I can understand the siren song of religion, I just don’t buy it. It would be nice to be able to accept a simplified explination for things, to feel important, and to be given some level of comfort that when my time on this earth is done it will not really be the end for me.
I hope you are not thinking that I am diametrically opposed to religion, as this is not the case. Most religions have a very positive message, and if parts of this message are followed, the result can be a more harmonious existance. It’s just that I for one have not yet bought the explinations for things that religion provides.
There are a few things that, if religion were able to explain them, I may become a believer. Here is my top-ten list:
1. why are the wicked not punished in the here and now instead of some afterlife where nobody really knows if it happens or not?
2. Why do bad things happen to good people, and good things happen to bad people? Isn’t there supposed to be some kind of justice if there is an all powerful being orchestrating this silly show?
3. Why do so many people chose Adjustable Rate Mortgages?
4. Why is it that is you don’t believe in the same invisible person as me, you are “wrong”? Isn’t religion supposed to be all about tolerance?
5. Where does that other sock go when you put it in the dryer?
6.Why doesn’t The Vattican publicly release ALL of the gospels?
7. Why is Wayne Newton so popular? (See question 1: Maybe we are ALL already in hell)
8. How do Jehovahs Whitnesses ALWAYS know when I am at home? (Even here in Japan!)
9. Why do whales and snakes have vestigial leg bones?
10. Why are top-ten lists so polular?
In other, less contoversial, news: I recently bought an Olumpus E-P1. It’s a micro 4/3rds mount camera, and as far as I can tell so far, goin got be a HUGE hit for olympus.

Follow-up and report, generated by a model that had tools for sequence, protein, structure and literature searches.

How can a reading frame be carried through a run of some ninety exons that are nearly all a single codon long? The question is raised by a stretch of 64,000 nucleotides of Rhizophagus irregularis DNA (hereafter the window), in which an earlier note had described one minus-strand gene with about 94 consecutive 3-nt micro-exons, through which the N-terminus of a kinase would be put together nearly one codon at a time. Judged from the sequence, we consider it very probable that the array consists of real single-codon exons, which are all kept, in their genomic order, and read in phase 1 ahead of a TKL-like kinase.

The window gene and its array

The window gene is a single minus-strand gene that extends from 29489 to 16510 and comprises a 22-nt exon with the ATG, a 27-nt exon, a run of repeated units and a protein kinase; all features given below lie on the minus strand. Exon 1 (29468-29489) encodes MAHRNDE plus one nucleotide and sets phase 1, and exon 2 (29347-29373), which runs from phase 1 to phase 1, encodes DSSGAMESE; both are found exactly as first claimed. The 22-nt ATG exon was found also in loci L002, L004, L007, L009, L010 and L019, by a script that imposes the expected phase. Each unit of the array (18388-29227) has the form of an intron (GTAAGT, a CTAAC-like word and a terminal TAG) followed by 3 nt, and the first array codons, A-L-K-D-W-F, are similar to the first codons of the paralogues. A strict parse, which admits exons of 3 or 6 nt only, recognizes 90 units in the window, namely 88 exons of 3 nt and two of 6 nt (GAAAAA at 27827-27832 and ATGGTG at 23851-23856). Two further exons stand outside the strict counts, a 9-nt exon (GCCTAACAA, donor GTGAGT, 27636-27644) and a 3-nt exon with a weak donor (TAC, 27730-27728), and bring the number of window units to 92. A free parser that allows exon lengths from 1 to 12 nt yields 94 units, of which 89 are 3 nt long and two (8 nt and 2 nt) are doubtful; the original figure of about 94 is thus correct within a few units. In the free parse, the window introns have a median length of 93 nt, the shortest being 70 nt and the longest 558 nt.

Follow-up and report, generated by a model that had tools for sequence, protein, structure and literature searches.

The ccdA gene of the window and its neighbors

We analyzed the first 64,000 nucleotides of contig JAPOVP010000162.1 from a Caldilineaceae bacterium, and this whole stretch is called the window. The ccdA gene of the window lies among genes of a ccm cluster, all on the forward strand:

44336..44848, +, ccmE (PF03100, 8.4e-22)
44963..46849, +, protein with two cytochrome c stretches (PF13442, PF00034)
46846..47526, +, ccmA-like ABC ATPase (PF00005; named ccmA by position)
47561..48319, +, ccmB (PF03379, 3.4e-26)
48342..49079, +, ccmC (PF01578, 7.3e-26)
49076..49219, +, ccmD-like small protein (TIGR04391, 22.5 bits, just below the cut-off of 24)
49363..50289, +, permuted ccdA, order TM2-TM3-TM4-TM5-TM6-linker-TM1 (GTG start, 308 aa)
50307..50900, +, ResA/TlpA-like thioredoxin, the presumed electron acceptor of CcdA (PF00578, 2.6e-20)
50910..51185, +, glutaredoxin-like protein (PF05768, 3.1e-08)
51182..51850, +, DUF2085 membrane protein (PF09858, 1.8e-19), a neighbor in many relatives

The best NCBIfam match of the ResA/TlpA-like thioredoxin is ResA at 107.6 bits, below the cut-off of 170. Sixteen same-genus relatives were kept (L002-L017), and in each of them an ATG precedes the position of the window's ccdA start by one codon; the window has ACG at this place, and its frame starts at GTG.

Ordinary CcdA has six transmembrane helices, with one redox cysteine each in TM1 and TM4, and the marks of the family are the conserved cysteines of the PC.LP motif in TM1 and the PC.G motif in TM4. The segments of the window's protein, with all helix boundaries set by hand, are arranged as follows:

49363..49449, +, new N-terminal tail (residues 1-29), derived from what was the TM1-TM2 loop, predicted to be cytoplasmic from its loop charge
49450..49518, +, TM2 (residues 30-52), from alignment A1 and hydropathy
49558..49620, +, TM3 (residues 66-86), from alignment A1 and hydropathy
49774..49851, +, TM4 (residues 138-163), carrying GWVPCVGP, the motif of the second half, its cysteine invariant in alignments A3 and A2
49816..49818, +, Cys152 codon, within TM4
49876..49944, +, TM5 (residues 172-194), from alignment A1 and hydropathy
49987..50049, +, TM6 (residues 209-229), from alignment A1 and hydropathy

Click HERE for todays photos, all of them were taken with the E-P1 in 6×6 mode with the “pin hole” art filter. Other than converting from Raw to jpeg, no post-processing work was done on my part, these are straight out of the camera.
The kit lenses (14-42mm, and 35mm f2.8 pancake) are great, but what makes this camera really exciting is the fact that it accepts darn near any other type of lens. This is possible because the register distance, from the lens mount to the sensor plane is very short, thus you can use an adapter ring of the appropriate thickness to make up the difference for other makers lenses.
I’ve been shooting with it for about two weeks now, and while it is not perfect, it is one solid piece of equipment. The only real gripe I have is the fact that there is a 2x crop factor on all lenses used, so finding a nice fgast normal or wide anle lens is a challenge. My wonder normal zuiko 50mm f1.2 ends up “looking” like a 100mm f1.2.
It’s also got the best high-iso image quality I have seen from a 4/3rds camera. Its good enough in fact that this has become my default street shoting camera, and my beloved Leica M8 will soon be hitting the auction block. I like the M8, but I can’t justify keeping such an expensive camera if I won’t be using it.
Here is a quick list of the Pro’s and Con’s of the E-P1 after my brief experience with it:
- Very compact build, yet still very solid
- Great high ISO image quality
- Very compact 17mm f2.8 pancake lens (35mm equivelant) , but I am really waiting for the Panasonic 20mm f1.7 pancake
- Kit zoom lens is tack sharp, and has a cool collapsing design to make it much smaller when closed
- Built-in art filters and aspect ratios are fun
- Nice array of external controls, easy to adjust exposure on the fly
- I can use many different makes/types of lenses on it
- 2X crop factor (ouch!)
- no built-in flash or viewfinder
- low frame rate when using some of the art filters (especially my favorite, the pin hole)
- auto-focus could be faster
So while it’s not perfect, it’s certainly close enough to make me a very happy shooter. All cameras are a compromise between cost, size, weight, speed, etc…
With the E-P1, Olympus seems to have boiled that conflicting equation down to a very pallatable mix.